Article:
Notes From the Legal Hotline: July 2022

July 1, 2022

- By The MAR Legal Team

Q: I have a tenant who is offering to pay 6 months of rent upfront – is that allowed?

A: No. For tenancies greater than 100 days in duration, the provisions of the Security Deposit statute apply. The statute prohibits a lessor from requiring a tenant to pay any amount in excess of:

  1. First month’s rent
  2. Last month’s rent calculated at the same rate as the first month’s rent
  3. Security deposit equal to the first month’s rent
  4. The purchase and installation cost for a new lock and key.

On occasion, a prospective tenant may offer to pay rent in advance. Even if the subject of prepaid rent originates from the prospective tenant, rather than the landlord making a demand, this is likely still a violation of the statute. Generally, this type of offer is made by prospective tenants who are unlikely to have their application approved by the landlord. Although the landlord may not be making the request for prepaid rent, the end result is the same – amounts being paid that exceed the parameters of the statute in order to secure housing. Courts are also unlikely to view such an agreement favorably as it would restrict a tenant’s ability to withhold rent in the event that the landlord violates the lease.

Q: What are the new guidelines regarding square footage in appraisals?

A: Beginning on April 1, 2022, Fannie Mae began requiring that the ANSI (American National Standards Institute) home measurement standard for appraisals be used for single family homes. At this time, the standard has only been adopted by Fannie Mae, but agents should be aware of this measurement standard as it may lead to discrepancies in the square footage displayed in public record and on the appraisal for certain properties. Additionally, being aware of how this may impact certain properties should be taken into account when preparing CMAs.

The key elements of the ANSI Standard can be read here. Of particular note for properties in Massachusetts is the requirement of a 7-foot minimum ceiling height, and for properties with sloped roofs, the living area only counts from a height of 5 feet and at least 50% of the ceiling has to be at least 7 feet. Many older properties, and Cape Cod style homes, may see a reduction in the living space as accounted for in the appraisal. While areas not satisfying the standard are not entirely discounted, they do not count towards the above grade living space and may impact the property’s appraised value.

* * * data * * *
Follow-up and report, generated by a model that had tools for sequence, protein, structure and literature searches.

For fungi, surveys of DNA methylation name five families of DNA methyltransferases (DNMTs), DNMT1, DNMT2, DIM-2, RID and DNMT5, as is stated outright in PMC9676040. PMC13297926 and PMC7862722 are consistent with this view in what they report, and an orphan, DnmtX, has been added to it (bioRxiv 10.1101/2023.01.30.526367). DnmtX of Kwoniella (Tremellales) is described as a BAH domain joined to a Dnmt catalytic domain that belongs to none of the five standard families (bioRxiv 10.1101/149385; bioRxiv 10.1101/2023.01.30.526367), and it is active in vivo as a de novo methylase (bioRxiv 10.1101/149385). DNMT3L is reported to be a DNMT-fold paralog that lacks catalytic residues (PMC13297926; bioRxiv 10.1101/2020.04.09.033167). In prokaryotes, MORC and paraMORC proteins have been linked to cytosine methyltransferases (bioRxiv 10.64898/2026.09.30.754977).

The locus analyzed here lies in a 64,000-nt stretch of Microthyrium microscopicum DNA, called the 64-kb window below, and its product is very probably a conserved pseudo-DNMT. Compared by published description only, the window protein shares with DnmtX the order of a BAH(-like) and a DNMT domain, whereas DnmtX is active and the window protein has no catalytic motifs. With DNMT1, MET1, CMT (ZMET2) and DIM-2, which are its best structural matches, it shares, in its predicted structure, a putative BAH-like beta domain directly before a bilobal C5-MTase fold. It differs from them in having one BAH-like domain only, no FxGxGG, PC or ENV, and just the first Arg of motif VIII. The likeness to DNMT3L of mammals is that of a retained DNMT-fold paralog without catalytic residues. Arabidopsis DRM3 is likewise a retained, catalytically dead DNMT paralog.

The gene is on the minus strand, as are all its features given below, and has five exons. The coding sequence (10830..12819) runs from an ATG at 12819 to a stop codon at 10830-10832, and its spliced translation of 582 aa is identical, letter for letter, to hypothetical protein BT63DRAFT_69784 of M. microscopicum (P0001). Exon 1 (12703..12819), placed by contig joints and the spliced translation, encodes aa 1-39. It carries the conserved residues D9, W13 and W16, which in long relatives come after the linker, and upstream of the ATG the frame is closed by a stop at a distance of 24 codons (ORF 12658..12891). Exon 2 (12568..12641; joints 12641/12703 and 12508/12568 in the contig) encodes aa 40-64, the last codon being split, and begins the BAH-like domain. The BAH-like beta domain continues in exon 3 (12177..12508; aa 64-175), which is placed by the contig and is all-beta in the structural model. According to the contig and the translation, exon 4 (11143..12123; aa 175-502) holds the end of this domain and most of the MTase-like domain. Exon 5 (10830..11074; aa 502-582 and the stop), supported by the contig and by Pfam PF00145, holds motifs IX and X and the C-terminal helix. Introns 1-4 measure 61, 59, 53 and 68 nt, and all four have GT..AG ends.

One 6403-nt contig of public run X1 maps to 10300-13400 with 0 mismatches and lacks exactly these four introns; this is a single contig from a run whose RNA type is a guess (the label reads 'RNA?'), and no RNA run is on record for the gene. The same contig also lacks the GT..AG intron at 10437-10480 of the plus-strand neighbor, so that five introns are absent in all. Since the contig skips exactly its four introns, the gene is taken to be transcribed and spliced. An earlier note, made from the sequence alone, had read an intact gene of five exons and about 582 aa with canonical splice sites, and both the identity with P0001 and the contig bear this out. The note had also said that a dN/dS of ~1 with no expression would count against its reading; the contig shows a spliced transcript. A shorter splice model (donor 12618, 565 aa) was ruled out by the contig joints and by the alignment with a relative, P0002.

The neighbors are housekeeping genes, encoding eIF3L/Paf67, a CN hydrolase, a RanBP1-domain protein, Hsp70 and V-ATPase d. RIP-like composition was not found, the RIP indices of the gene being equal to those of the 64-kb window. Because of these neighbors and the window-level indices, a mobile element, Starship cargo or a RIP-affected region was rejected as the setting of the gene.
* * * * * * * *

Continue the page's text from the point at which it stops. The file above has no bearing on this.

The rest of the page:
As a REALTOR® it is important to know which transactions may be affected by this so that you may educate your clients and be prepared to address any challenges that may arise. A helpful FAQ from Fannie Mae on this topic can be found here.


Written by: Justin Davidson, General Counsel; Catherine Taylor, Associate Counsel; and Jonathan Schreiber, Legislative & Regulatory Counsel.

Services provided through the Massachusetts Association of REALTORS® is intended for informational purposes and does not constitute legal advice, nor does it establish an attorney-client relationship. The Massachusetts Association of REALTORS®, by providing this service, assumes no actual or implied responsibility for any improper use of responses to questions through this service.  The Massachusetts Association of REALTORS® will not be legally responsible for any potential misrepresentations or errors made by providing this service. For more information regarding these topics authorized callers should contact the MAR legal hotline at 800-370-5342 or e-mail at